To see Purdue coach Matt Painter on a Tuesday morning in February is to see him in his element: a mess of neon-striped notes spread before him at the head of an oval conference table, game tape paused on the projection screen in the meeting room he treats as his office. At home you might find him at the foot of his bed, reviewing film on his 80-inch flatscreen, Bob Seger blaring from the speakers. When he's had enough screens, Painter is content to kick back and read ... about basketball. "I'm really simple," he says.
In a field heavy with teams that don't fit the norm—strict and suffocating Virginia, young and lottery-bound Duke, perimeter-oriented Villanova, relentlessly pressing West Virginia—the Boilermakers' style is as straightforward as the man at their helm. They defend well (30th nationally in adjusted efficiency) and plainly, using a man-to-man approach from which they have not varied for even one possession. They are experienced, the lone title contender to start four seniors. (The exception, 6'1" sophomore Carsen Edwards, is their leading scorer, averaging 18.5 points, and their most effective playmaker.)
Purdue's lineup is anchored by 7'2", 290-pound Isaac Haas, a brawny, feather-touched post-up machine, around whom start a quartet of shooters—guards Edwards, P.J. Thompson and Dakota Mathias, and forward Vincent Edwards (no relation)—who each make at least 39.2% of their threes. Purdue is one of only six teams to rank among the country's 30 most efficient on both ends of the floor.
All of the pieces are there for a deep NCAA tournament run ... even if the Boilers won't always wow you along the way. "We don't have an abundance of athleticism," Painter says. "A lot of our talent is our skill level—how we shoot, how we take care of the ball."
Before this season, much of the discussion about the team centered on the piece who would be missing: 6'8", 250-pound forward Caleb (Biggie) Swanigan, the 2017 Big Ten Player of the Year, who was drafted 26th by the Trail Blazers last June. Despite its veteran roster, Purdue was expected to take a step back after winning a conference title.
But on last August's preseason trip to Taipei, Taiwan, where the Boilermakers won silver while representing the U.S. in the World University Games, they got a glimpse of their new selves—and liked what they saw. "We lost one of the best players in the country, but we're playing so much differently," says Thompson. "The floor's more spread. We're quicker, play faster."
Then another foreign trip threatened to derail the season just as it was starting. Over Thanksgiving weekend, Purdue headed to the Bahamas for the Battle 4 Atlantis tournament. What was supposed to be a résumé-booster instead started with an overtime loss to Tennessee—not yet considered the contender it has become—followed by a loser's-bracket defeat by Western Kentucky. At a luxury resort in one of the planet's most idyllic settings, the Boilermakers were so despondent, they hardly left their rooms. "It was hell," says Mathias. They salvaged the trip with a win over similarly slumping Arizona in the event's seventh-place game, then set about correcting their faults. "We didn't have a lot of fire," says Haas. "We had a lot of fake energy before those games."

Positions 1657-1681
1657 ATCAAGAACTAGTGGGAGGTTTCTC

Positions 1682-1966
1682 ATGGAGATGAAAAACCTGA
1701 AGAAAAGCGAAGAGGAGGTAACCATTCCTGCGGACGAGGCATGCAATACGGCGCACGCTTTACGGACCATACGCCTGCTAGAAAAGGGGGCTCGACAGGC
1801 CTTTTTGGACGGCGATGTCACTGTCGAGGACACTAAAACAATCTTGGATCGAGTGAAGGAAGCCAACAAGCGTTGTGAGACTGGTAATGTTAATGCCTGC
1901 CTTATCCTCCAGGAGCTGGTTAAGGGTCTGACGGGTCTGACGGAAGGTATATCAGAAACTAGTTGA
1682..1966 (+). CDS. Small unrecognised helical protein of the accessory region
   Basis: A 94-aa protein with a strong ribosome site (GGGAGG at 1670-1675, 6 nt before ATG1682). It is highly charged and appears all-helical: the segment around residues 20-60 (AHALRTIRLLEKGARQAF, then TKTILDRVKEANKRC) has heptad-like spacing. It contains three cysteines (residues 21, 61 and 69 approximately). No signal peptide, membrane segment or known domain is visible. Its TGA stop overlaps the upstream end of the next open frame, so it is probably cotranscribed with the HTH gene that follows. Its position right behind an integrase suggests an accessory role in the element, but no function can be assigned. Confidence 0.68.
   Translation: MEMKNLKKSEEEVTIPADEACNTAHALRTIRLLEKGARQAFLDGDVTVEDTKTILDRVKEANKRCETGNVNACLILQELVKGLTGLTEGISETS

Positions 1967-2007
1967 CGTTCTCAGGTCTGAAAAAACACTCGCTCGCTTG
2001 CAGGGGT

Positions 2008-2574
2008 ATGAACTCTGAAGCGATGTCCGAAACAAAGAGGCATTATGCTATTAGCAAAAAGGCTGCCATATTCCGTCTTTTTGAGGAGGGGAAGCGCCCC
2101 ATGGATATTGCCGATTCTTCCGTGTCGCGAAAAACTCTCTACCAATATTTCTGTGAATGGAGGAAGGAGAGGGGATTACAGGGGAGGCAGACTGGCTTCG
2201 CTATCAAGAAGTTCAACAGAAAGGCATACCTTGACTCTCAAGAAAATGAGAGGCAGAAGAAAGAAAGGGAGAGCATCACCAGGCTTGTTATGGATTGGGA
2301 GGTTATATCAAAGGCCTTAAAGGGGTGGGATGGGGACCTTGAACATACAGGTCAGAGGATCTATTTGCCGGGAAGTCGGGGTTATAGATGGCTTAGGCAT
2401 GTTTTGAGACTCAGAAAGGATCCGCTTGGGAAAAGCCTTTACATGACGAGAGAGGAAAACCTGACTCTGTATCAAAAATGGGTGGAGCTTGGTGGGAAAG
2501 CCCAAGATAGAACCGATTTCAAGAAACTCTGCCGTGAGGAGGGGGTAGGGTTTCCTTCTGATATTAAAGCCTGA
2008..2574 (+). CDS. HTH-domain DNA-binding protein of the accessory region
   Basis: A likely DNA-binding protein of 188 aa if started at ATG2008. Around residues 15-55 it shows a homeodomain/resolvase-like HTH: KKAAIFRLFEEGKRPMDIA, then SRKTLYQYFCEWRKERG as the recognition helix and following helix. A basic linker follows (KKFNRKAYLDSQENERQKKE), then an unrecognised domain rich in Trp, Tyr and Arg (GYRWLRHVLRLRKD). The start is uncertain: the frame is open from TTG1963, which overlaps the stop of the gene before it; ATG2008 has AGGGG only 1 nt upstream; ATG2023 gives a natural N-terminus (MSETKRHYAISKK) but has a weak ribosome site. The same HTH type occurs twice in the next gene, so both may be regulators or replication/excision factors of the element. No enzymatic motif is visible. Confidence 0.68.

That win over the Wildcats proved pivotal. Their defense refocused and their urgency renewed, Purdue embarked on a school-record 19-game winning streak. Soon a genuine energy followed them around campus, where classmates were buzzing about the team's latest AP poll ranking—it reached No. 3 at one point, matching the program's highest spot in 30 years—to the point, recalls Thompson, that "this dude almost got hit by a car because he was trying to say 'What's up?'"
It has not all been good. In February, Purdue dropped three straight games that were bookended by single-possession wins—a reminder of vulnerability after two spotless months. "People said, Oh, you threw the ball inside too much," Painter says of the late-season swoon. "We got quality shots. We needed to make a couple more."
There has been an optimism among the old gold-and-black faithful that these Boilermakers might be the first since 1980 to reach the season's final weekend. But that comes with a caution born of past disappointments, from Glenn Robinson's wrenching his back wrestling in a hotel room before the '94 Elite Eight, to letdowns as No. 1 seeds in '88 and '96. "It always feels like, as a fan, you're waiting for that other shoe to drop," says 2002 graduate Travis Miller, who has run the Purdue sports blog Hammer and Rails since '09.
Painter says he feels no pressure, that he doesn't need a slew of victories in March to validate this season. He knows how fickle the single-elimination format can be. "That's just one game," Painter says. His team is built to play many more.